In the G2 OR-PAM system, the NAs of both microscope objectives are 0.1 in air. However, the imaging objective is compensated for water immersion by the correction lens, so the effective NA of the imaging objective is 0.133. Thus, the theoretical lateral resolution [measured in full width at half maximum (FWHM)] of the G2 system (i.e., the diffraction-limited optical focal diameter) is calculated to be 2.14 μm at 570 nm. The lateral resolution of the G2 system was experimentally quantified by imaging an Air Force resolution test target (04TRN003, CVI Melles Griot) at 570 nm. As shown in Figs. 3A and 3B, the G2 system is capable of resolving the finest line pairs (Group 7, Element 6) with a modulation depth of 62%. Modulation transfer function analysis  reveals a cutoff spatial frequency (i.e., the frequency at which the modulation depth reaches zero) of 390 cycles/mm, which corresponds to a FWHM resolution of 2.56 μm. The experimentally measured lateral resolution is slightly worse than the diffraction-limit estimate, which is likely due to imperfect aberration compensation. The maximum tissue penetration was also experimentally quantified by inserting a 250-μm-diameter black needle obliquely into a living mouse leg (Hsd:Athymic Nude-Foxn1NU, Harlan). As shown in Fig. 3C, the G2 system can clearly image the needle down to 1.2 mm beneath the tissue surface. Compared with the 0.7-mm ex vivo penetration of G1 OR-PAM at 630 nm (where blood absorption is ~25 times lower than at 570 nm), the 1.2-mm in vivo penetration of G2 OR-PAM at 570 nm is much deeper, due to the enhanced detection sensitivity.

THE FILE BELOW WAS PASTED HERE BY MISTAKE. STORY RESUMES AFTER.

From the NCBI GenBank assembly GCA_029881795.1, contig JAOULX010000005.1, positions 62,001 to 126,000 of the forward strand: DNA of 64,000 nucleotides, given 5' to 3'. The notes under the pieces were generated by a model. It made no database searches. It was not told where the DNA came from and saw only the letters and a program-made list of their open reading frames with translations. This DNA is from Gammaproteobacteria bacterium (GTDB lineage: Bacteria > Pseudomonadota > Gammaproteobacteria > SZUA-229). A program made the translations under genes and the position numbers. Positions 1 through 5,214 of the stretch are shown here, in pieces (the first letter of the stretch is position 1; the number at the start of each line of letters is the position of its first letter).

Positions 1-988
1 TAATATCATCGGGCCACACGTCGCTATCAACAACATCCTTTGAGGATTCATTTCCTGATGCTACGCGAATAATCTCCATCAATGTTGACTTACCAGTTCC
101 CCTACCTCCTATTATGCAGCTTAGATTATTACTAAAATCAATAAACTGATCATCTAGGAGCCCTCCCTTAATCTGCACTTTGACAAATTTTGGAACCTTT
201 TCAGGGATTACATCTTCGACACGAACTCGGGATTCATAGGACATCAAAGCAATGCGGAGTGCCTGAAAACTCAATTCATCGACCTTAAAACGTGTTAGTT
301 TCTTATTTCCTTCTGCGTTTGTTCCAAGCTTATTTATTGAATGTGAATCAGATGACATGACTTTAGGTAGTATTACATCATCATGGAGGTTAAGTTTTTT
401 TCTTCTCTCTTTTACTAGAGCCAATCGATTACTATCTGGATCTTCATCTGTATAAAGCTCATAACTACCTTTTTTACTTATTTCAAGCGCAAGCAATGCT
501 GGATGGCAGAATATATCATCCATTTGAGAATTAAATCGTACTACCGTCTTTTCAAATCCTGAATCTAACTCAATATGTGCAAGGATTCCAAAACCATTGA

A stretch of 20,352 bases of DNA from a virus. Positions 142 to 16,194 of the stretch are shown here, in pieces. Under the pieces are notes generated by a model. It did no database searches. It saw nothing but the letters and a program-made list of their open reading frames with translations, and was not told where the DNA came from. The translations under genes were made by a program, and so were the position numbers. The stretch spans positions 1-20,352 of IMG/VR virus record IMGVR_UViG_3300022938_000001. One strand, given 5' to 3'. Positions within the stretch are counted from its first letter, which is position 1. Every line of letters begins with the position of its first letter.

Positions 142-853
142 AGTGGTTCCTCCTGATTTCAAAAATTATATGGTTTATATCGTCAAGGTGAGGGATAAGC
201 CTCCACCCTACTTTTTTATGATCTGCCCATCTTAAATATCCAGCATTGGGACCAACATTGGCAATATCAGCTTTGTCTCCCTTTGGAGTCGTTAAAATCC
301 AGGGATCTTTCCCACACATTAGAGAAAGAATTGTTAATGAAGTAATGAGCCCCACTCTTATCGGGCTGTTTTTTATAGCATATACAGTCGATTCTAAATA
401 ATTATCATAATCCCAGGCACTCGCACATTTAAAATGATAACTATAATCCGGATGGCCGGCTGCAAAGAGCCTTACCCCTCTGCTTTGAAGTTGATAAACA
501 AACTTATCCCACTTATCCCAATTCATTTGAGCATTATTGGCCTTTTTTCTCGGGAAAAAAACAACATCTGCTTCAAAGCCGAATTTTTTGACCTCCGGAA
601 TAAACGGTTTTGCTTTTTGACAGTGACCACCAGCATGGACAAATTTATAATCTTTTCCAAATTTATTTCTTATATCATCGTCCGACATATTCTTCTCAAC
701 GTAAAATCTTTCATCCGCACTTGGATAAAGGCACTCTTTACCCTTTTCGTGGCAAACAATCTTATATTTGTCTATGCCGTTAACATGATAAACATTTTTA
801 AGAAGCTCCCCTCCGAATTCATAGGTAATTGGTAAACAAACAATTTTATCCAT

The much improved system performance enables G2 OR-PAM to image a large FOV with single red-blood-cell (RBC) resolution and sensitivity. Figure 4 shows the whole-ear vascular anatomy in a 10-week-old living nude mouse (Hsd:Athymic Nude-Foxn1NU, Harlan). Acquired at the isosbestic wavelength of 570 nm, Fig. 4 also reflects the distribution of total hemoglobin concentration (HbT) in relative values. The laser pulse energy after the imaging objective was measured to be 80 nJ. Since the optical focus is 150-μm beneath the skin surface, the surface laser fluence is 22 mJ/cm2, which is close to the American National Standards Institute safety limit (20 mJ/cm2 in the visible spectral region). Densely packed capillary beds as well as discrete RBCs traveling along capillaries are clearly resolved. The typical acquisition time of such a single-wavelength, bidirectionally scanned image (image size: 7.8 mm × 10 mm; step size: 2.5 μm × 2.5 μm) is 70 min, which is 5 times as fast as that for the G1 system. The B-scan rate of 7.8 mm across is 0.95 Hz. Because the absorption coefficient of blood at 570 nm is estimated to be 241.1 cm-1 and the SNR within the dual foci is 42.7 dB, the sensitivity of G2 OR-PAM in terms of the noise-equivalent optical absorption coefficient and hemoglobin concentration are 1.8 cm-1 and 17 μM, respectively.